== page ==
The journey was at its end and we had our first recurrent abode since Istanbul and what seemed like both yesterday and an aeon ago. Relief and surprise probably came in equal measure when we arrived in the Vicenzan suburb of Sovizzo but the warm welcome was gratifying. Alas, alack, our time on the road was not ended though as some batty old Aunt and a Whoopi Goldberg impersonator needed an escort from Bergamo. I tried manfully to break the tedium of the drive by extracting conversation from such diverse subjects as clouds and tarmac but cannot conclude it was entirely successful. The Carabinieri must have been dozing as we made it back to Vicenza with our semi-precious cargo unfettered. A quiet gathering of 30 or so in the excellent local pizzeria ensured a clear head for the impending wedding. For all those that didn't drink every glass of wine and every shot of grappa available to them before being stopped by the bride to be. The big day toward which we had strove and...er...drove was nearly upon us and so, after a short bout of the kind of neighbourly behaviour that Birmingham had so missed, we retired.

No sleep till Monfalcano

Zagreb/Somewhere in Slovenia - 02/01/2010

The 5:30 bus had ceased to be an option so our only way of reaching Italy was now the late train, really late. We had purloined a map of Zagreb with walking tours but Budget Rent-a-Car were kind enough to give us a driving tour of the city during the dropping off of their car. After returning the vehicle in more or less the same condition as we received it (missed calls suggest they may have discovered the wheel), time was our most voluable friend. And so we walked. We took in scaffolded cathedrals (and came out the richer, thanks God) and colourfully tiled churches. We promenaded endless, repeating, boatless waterfront and still the hour of departure did not come. We enlarged Zagreb's 'free tram' zone to cover the greater part of the city and still our time here was not done. The theory of relativity states that a being's perception of time is relative to the list of available activities in the city in which they are stuck. All that being said the only city I can think of that begins with a Z proved to be an attractive if unnavigable place, fortunately spared from the worst of the Balkan ravages in the 90's.
We counted down the final few hours drinking Macedonian red wine on a bench in the park in the finest hobo style. Our train was not a sleeper, in every sense. Wedged into a six seater room with a morose and teary English couple, a silent Slovene and an amiable Bosnian Serb we relayed the stories of our adventures to a rapt audience of one. Jovanna (the Bosnian) in turn told us of the Eastern European countries she likes (at last count none) and the difficulties of free movement imposed by suspicion of her country of origin. This was duly borne out by the intense scrutiny given to her passport by the border police. The pleasant discourse went someway to mask the debilitating effect the day had had on our bodies and our final country lay ahead of us over the pitch black Slovenian horizon.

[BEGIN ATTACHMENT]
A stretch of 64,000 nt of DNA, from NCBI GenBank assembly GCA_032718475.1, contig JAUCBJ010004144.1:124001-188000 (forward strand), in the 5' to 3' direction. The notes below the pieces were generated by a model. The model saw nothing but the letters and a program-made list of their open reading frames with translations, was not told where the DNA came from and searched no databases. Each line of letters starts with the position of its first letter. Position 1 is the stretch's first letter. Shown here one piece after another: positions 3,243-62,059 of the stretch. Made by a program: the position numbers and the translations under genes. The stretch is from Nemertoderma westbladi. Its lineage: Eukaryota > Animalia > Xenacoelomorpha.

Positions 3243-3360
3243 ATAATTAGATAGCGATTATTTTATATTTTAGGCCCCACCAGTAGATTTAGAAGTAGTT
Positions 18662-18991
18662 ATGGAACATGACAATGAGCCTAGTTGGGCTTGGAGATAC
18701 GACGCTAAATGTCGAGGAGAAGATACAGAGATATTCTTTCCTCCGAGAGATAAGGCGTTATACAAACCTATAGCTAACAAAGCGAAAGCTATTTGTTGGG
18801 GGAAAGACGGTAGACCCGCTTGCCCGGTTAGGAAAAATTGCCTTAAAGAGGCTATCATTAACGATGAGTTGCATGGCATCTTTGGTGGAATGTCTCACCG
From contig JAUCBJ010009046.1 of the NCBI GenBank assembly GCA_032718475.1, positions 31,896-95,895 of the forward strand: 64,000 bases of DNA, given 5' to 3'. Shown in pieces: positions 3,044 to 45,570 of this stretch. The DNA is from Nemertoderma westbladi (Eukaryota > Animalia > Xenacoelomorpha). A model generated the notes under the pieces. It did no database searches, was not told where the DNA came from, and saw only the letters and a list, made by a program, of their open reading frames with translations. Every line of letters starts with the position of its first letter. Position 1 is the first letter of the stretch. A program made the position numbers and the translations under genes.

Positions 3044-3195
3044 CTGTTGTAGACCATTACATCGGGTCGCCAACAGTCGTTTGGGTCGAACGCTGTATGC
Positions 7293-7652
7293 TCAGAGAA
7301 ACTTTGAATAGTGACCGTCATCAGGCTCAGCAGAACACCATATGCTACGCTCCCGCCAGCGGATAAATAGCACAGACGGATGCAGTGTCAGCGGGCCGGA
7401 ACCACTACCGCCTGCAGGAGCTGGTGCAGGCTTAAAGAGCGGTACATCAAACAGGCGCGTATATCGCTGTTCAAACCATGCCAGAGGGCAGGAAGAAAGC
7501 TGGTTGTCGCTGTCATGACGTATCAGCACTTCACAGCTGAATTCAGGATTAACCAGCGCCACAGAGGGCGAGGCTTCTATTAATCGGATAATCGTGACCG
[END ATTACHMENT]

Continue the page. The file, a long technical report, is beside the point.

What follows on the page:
One way, not another

Plivice/Zagreb - 01/09/2010

No swimming, no fishing, no straying from trails, no wrestling the bears. Simply shuffle round in tightly packed column taking the same pictures as those that went before you, leave. The Plitvice Parks are an eden but a tightly managed one. I cannot decide if this is the only way they could remain as they are or have had their natural beauty somewhat diminished by the railings of man's modern impositions. One cannot deny the sumptuous visual banquet they present though. The lakes are aquamarine at depth to clear, crystalline purity in the shallows. If a person were permitted to plunge into the deep blue they would surely hesitate lest it all be the flat, paint-daubed canvas of a master artist. The fish, their fins tinged with cornflower blue, bathe in the sunshine in perfect awareness of their protection. The flora and fauna seem oddly monocultural, is this a place of preservation or presentation? What primordial force draws us to water, causes us to wonder at waterfalls? Two hydrogen, one oxygen and the genesis of life I suppose.
The force of time drew us back to the car and our tarmaced trail, Zagreb lay ahead. Another city, another hostel, quite the pensioners we are. Hoping to get ahead of our curve through Eastern Europe for the first time since leaving Istanbul we needed to ditch the wheels (in a non literal sense, again). Zagreb's road system is a crisscrossing morass of one-way roads bespeckled by trams and bemused foreigners. There are no straight lines in this city, not between a person and their destination, left turns are banned. We were thwarted in our attempts to return the vehicle and there would be no absquatulation on the early bus out for us, time to tarry. Our last meal had been eaten too many hours ago on the roof of a car in a layby so we decided a dinner involving chairs, a table, cutlery and plates would be something we could stomach. My baby Octopus drew a grimace from Mike but he tried one nonetheless, you next Clarke. Fin.